Tuesday, November 8, 2016

"To get through the hardest journey we need take only one step at a time, but we must keep on stepping." -Chinese Proverb









The rooms are not elaborate: two beds, a bathroom, and a small dresser for the few items a client may have are about the extent of their contents.  The food pantry is not overflowing; in fact, the shelves in the single room are usually completely bare after each day it is open.  Regular maintenance on floors, roofs, washers, water pipes, everything is much more difficult without tools and the money to pay for a plumber or electrician.  Inside the Agape House, resources are basic, but the effect they have is profound.

This statement is the embodiment of what I experienced as I toured the Agape House this past week.  The establishment is simple, but it meets the basic needs and provides a safe haven for homeless individuals across the county.  Inside those eight rooms, individuals have access to soap, toothbrushes, and blankets.  They find shelter from the cold and rain.  They can wash their clothes and shower.   They can direct their focus to rebuilding their lives, instead of worrying about the little things that others so often take for granted.

Every day, the Agape House opens its doors to everyone in need--not just those who are homeless. Anyone in need of a meal is welcome each night to share dinner with other clients and volunteers or receive items from the food pantry.  If a person is in need, the volunteers at the Agape House do everything they can to ensure he/she receives a blanket, or coat, or help paying a bill.  There is even a small "cabin" on sight to house a homeless family if the 8 rooms are filled.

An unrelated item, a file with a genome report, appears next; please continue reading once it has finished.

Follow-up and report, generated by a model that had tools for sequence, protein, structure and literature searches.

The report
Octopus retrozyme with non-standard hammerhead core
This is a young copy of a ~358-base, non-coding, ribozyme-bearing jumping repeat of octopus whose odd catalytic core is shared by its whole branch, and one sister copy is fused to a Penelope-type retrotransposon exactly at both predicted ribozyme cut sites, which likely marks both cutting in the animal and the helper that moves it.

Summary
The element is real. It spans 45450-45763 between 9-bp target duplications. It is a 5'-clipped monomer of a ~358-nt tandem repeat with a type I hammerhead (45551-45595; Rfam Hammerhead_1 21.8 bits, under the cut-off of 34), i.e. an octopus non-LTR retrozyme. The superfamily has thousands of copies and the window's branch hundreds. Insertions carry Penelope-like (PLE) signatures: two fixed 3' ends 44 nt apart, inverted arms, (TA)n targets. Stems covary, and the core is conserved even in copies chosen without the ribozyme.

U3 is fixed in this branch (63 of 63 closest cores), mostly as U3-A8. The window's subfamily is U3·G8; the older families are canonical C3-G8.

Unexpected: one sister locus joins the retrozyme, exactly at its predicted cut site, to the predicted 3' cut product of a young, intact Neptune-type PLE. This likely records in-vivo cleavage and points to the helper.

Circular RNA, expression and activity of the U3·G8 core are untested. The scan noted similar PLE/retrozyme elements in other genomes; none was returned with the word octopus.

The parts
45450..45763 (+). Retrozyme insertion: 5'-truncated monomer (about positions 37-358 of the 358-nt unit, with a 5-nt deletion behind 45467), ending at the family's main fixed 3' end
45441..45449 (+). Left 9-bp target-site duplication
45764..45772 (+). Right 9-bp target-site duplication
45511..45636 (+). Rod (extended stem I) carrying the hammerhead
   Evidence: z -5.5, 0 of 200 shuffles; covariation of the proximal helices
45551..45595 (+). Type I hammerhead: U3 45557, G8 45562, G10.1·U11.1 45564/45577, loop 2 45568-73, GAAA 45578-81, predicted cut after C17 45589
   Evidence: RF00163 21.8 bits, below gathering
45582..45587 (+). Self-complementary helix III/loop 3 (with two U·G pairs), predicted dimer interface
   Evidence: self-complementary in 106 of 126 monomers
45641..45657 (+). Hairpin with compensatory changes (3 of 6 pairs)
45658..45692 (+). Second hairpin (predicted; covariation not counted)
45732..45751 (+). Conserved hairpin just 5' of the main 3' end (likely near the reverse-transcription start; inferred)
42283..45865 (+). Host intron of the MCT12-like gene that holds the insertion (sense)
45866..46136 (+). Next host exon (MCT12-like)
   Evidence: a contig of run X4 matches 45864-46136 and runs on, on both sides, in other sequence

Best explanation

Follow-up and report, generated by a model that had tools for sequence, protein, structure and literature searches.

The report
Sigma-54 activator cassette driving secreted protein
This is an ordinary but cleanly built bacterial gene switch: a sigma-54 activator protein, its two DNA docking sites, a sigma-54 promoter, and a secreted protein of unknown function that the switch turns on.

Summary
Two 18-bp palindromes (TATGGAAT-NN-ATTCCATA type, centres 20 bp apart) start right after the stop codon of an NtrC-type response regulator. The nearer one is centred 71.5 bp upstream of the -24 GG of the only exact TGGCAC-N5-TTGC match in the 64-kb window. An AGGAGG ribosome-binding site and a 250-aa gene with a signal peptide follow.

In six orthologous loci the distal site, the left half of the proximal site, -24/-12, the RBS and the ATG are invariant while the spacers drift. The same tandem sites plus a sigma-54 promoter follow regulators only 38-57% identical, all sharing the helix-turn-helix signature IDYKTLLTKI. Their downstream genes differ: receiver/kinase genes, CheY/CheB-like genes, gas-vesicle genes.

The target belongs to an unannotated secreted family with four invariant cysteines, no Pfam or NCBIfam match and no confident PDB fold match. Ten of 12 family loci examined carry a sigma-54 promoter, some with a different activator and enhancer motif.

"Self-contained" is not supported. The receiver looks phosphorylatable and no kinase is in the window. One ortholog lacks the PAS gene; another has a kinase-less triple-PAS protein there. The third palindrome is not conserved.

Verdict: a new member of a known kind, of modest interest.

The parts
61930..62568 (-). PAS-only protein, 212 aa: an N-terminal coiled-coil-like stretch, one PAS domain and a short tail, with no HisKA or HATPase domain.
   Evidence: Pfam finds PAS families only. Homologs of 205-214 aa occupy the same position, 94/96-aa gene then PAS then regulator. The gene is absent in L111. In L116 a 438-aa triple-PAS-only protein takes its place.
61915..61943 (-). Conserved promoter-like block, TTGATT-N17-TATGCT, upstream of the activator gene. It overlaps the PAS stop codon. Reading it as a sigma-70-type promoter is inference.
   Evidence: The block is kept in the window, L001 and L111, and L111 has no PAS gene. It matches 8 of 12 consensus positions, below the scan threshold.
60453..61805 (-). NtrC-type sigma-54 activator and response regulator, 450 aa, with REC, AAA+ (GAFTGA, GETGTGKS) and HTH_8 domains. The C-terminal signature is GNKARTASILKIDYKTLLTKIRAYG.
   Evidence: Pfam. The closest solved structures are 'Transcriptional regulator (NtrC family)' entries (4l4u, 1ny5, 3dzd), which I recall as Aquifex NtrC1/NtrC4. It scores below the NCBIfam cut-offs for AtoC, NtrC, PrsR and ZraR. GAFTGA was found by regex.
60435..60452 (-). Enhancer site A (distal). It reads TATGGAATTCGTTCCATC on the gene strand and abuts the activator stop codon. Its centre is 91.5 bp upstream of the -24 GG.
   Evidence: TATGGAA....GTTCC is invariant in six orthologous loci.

The Agape House is in great need of donations.  Everyone who works there is a volunteer; they donate their time and money to those who are in greater need than themselves, even when their own personal amounts of time and money are limited.  They spend as small amounts of money as possible on the actual establishment, and nothing on anything that would benefit themselves.  Once the bills are paid to keep the lights on, everything else goes towards food and personal care items for the clients.

The Agape House is not a rich establishment, but, compared to what individuals have when they come to the Agape House for help, it is a luxury.  It is so much more important to the volunteers that anyone who needs help can find it in some way, than to spend donations unnecessarily around the establishment.

As Mother Teresa said, sometimes we must "live simply, so others may simply live."

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